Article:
The girl looked at her cards and then waited for the man to her right to begin. He was older and seemed to have difficulty seeing his cards. Finally, he threw down the four of hearts. Smiling sweetly, the girl threw down the three of hearts. Then Tippo and Reginald put down the seven and ten. Reginald won the hand.
He dealt again, but before anyone could pick up their cards, Tippo said, “I raise the pot five coins."
The old man put down all his cards. “I fold!”
The girl looked confused. “So . . . if I lose this game, I’m going to lose my two coins plus another five coins?”
Tippo knew he had to handle this just right. “Yes, darlin’. But if you win, you’re goin’ to get seven brand new shiny coins!”
The girl’s eyes widened. “Seven coins! Golly, that's a lotta peppermint sticks!” She added five more coins, and so did Reginald, who appeared nervous. Tippo grinned.
Everyone looked at their new cards. The girl frowned, and Tippo could feel his heart racing. She put down a two of clubs. Tippo couldn’t believe it. The silly child had just led with the lowest card there was! He put a queen of clubs on the table, trying to suppress his giddiness.
Reginald scowled, “I’m out.” He put his cards face down on the table.
Reginald put his thumb on the jack and queen, adding them to his pile.
Tippo smiled at the girl. “Lookin’ like it’s just you and me.”
A crowd had gathered, curious to see how the girl would do.
Tippo signaled to Reginald to deal the last hand. When Tippo picked up his cards he kept a straight face, but inside he was dancing. He now had two red aces, two red kings, and a wild card. It was a “Red Thumb.” He tried to read the girl's face. She looked befuddled.
There was no way he could lose.
Looking more at his audience than at her, he said, “I raise you thirteen coins.”
The crowd gasped. It was an unheard-of amount to gamble, let alone win from a child.
The girl stayed steady. “Okey-dokey." Without batting an eye, she placed her entire satchel of money in the middle of the table.
Fifty-eight coins, almost a month’s wages, was now at stake. Everyone held their breath.
Smirking, Tippo placed all his cards on the table. “Red Thumb!” Clapping his hands, he whooped with delight. He was reaching for the money pot when the girl said innocently, “Don’t I get to show everybody my cards?”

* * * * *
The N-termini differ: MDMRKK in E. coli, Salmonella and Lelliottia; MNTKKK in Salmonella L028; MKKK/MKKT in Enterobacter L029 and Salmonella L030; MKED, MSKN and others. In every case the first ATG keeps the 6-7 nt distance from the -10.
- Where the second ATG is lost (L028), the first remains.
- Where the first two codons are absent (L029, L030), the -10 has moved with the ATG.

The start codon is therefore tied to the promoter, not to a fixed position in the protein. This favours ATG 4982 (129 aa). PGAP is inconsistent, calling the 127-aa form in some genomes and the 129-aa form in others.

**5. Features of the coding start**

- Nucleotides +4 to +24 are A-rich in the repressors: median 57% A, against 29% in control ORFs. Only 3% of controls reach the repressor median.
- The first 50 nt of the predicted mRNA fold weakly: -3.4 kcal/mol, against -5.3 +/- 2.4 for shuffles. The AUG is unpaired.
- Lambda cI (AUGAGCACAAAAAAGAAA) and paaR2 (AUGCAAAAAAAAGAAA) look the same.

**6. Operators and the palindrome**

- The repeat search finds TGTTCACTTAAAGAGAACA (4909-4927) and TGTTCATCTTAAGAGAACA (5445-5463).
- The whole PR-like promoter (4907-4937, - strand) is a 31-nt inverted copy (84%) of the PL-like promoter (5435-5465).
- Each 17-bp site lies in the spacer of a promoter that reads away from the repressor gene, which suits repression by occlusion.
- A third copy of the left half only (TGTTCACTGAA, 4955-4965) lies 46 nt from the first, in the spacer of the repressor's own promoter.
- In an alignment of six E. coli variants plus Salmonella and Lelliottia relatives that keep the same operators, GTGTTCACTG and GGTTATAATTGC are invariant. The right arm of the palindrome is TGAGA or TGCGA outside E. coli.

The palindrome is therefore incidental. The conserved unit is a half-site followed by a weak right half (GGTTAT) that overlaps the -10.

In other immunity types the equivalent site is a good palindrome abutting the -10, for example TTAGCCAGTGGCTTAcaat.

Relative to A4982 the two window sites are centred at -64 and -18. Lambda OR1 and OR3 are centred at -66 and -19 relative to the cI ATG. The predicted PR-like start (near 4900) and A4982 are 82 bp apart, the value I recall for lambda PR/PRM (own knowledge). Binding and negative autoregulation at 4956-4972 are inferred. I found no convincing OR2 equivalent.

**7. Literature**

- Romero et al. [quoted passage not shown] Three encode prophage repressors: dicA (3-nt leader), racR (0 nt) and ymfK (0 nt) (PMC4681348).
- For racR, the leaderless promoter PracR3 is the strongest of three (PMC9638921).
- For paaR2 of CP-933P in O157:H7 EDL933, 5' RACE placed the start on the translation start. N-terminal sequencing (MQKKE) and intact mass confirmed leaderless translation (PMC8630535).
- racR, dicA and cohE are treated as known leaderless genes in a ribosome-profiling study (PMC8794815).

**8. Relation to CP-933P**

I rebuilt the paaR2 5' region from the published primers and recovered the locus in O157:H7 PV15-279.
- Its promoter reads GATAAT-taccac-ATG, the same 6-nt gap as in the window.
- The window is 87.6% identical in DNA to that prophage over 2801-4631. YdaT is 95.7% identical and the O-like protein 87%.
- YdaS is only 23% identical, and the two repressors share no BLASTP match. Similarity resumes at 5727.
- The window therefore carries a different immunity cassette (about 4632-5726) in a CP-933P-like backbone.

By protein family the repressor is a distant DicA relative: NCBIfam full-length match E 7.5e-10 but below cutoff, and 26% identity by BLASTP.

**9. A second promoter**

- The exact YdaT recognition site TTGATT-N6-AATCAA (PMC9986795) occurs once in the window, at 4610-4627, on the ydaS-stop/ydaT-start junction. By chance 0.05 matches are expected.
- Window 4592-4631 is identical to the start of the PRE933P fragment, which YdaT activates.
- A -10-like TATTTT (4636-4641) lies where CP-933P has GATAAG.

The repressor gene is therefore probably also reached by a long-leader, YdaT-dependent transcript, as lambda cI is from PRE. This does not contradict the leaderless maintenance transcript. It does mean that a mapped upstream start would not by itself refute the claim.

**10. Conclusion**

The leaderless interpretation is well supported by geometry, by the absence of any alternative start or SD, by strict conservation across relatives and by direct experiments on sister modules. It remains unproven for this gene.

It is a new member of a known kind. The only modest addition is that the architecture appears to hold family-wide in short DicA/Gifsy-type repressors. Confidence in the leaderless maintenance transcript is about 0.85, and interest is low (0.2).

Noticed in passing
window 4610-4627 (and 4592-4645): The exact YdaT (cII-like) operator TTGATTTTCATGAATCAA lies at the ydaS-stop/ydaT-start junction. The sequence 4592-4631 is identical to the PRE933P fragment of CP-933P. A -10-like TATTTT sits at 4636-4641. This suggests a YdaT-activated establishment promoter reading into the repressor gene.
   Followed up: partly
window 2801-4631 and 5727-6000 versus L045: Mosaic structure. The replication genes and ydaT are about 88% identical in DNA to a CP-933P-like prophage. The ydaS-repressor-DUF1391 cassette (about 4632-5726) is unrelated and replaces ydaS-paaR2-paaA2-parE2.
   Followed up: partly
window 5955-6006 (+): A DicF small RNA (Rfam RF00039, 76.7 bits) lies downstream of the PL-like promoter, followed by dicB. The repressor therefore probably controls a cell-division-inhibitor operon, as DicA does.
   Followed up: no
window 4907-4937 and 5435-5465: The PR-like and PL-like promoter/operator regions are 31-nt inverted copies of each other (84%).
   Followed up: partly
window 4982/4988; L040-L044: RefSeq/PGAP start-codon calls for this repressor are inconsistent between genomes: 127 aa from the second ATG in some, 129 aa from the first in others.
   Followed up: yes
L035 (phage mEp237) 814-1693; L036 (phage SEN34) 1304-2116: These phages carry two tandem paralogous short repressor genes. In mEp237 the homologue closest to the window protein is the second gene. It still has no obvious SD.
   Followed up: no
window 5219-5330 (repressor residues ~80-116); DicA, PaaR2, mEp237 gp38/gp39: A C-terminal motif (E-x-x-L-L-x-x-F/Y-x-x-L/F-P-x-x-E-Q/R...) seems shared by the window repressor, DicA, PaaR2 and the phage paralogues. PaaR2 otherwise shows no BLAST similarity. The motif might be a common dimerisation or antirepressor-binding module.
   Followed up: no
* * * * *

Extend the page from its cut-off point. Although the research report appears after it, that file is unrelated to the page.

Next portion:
“Of course you do, sweetheart. You go right ahead,” he said.
The girl placed her cards on the table. She had two black aces, two black kings, and one black jack. It was a “Black Thumb” with no wild cards––the highest hand you could get. Tippo’s jaw fell open. The odds of the girl getting that hand were . . . were . . . Tippo sank in his chair as he realized how much money he'd just lost.
The people in the bar laughed and clapped, happy to see the little girl beat Tippo, who'd won money from almost everyone in Lollup.
Leaning forward, the girl scooped money into her bag. “This was so exciting! I can’t wait to teach my brothers and sisters!” Standing, she put the bag over her shoulder, the weight of it making her lopsided. “I have to go meet my mother now. She’s visiting my aunt and she’ll be worried about me.” Before anyone knew what was happening, the girl had scurried to the entrance.
As she opened the door, she turned back to the bar. “Thank you, gentlemen. It was a pleasure. And please don’t use this evening as an excuse to teach your children to gamble. Gambling with children is wrong.” She smiled wickedly and was gone.
Tippo finally came out of his state of shock. He jumped up from his seat and ran after her, sure that the girl had swindled him, even if he couldn’t explain how. When he got outside, she was nowhere to be seen. She'd disappeared as mysteriously as she'd arrived.
Shaking his head, Tippo returned inside to a roomful of men laughing at him. He said loudly, “Tell y’all what. I promise to buy y’all a round a drinks, and y’all promise to never talk about this here little incident ever again.”
The men just laughed harder.